It’s Thursday, kiddies: the day when I roll out a few things I’ve been reading over the past week. Three of ‘em, to be exact. Enjoy. (Remember: click on the big bold print to read the entire article.)
(via @trevinwax) Intro
What makes welcoming difficult these days is that many believe this posture requires an affirmation of identity and behavior. We see this belief most often in matters related to sexuality, but it is increasingly true of political affiliation, whether on the right or the left. That’s why I’ve written that churches should welcome everybody and affirm no one. The church does not exist for the affirmation of its members but for the transformation of its people into the image of Christ.
Still, we welcome. But what does this welcome look like? And what role does hospitality play?
(via @helpscout) Hopefully you’ve been around here long enough that you know that I know that churches are not a business. And our guests are not our customers. That said, I firmly believe that we can learn from the intentionality of the for-profit world. To paraphrase a friend, “Let’s not allow a secular business to care more than we do about the people who walk through their doors.”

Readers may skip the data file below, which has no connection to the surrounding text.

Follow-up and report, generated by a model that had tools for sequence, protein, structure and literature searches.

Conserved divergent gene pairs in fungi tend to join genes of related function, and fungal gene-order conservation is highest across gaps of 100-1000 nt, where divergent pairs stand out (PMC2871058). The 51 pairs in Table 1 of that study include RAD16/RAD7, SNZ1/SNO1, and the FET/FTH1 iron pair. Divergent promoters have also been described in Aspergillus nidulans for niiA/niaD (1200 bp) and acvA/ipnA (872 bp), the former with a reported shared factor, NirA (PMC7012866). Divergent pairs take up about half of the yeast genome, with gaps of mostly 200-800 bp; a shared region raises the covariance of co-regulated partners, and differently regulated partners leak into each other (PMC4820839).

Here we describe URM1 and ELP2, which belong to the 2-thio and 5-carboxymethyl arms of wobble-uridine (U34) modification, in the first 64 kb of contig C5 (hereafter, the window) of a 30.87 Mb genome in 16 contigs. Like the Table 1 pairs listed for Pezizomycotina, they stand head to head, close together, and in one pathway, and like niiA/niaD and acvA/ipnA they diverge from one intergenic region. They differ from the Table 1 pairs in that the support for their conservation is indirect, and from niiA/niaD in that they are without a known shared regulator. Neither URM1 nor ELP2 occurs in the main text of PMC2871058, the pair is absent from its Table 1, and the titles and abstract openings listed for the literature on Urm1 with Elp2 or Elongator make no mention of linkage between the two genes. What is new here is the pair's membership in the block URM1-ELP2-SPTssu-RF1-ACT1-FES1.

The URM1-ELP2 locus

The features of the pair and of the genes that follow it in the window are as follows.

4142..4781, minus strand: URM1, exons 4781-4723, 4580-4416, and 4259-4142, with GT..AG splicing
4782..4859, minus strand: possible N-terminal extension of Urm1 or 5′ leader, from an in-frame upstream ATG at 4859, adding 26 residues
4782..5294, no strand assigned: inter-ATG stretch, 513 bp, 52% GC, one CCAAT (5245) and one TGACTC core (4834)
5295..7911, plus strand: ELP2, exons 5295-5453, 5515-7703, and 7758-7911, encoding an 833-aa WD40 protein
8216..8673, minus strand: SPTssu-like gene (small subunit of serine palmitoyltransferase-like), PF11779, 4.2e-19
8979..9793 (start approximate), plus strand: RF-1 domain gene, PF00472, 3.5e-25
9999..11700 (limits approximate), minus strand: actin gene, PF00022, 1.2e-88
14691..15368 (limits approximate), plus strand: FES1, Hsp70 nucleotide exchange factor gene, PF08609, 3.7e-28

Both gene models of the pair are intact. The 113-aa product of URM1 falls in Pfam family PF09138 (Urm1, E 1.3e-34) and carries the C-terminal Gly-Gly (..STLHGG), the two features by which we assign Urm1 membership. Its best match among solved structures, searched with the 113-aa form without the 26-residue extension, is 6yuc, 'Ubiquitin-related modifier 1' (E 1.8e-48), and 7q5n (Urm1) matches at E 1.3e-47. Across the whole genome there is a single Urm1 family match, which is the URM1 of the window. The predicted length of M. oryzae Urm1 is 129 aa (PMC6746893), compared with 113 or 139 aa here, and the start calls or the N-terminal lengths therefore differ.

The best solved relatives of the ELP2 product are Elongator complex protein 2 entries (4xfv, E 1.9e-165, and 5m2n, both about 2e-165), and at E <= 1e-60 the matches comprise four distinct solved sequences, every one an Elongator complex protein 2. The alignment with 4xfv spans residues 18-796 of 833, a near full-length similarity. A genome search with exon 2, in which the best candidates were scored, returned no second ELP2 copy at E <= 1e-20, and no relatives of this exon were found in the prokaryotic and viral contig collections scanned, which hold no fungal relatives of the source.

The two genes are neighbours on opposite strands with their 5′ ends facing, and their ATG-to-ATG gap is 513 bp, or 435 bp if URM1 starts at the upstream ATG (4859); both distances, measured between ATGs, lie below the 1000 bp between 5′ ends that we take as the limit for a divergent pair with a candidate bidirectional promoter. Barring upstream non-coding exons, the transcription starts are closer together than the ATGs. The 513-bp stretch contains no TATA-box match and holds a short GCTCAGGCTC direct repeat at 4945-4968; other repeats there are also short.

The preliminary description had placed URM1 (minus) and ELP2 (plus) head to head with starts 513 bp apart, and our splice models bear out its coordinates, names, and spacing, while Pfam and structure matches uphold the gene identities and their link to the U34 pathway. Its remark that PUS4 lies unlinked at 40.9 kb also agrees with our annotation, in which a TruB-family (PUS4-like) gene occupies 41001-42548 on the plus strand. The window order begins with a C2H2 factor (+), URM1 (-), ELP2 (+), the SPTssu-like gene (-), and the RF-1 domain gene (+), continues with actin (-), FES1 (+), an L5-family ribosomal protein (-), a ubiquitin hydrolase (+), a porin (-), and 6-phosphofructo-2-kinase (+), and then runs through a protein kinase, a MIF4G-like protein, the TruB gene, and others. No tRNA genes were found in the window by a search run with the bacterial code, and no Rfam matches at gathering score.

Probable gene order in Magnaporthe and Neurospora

Return customers are not important; they are essential.
Loyal customers play a vital role in the success of a business — this is no longer in question. The new question is, how can small businesses ensure that first-time customers become loyal customers?
Small businesses can use these five universally applicable strategies to increase the likelihood that new customers become repeat customers.
(via @laughingsquid) He’s a good boy. And those sunglasses…
photo credit: Jason Mathis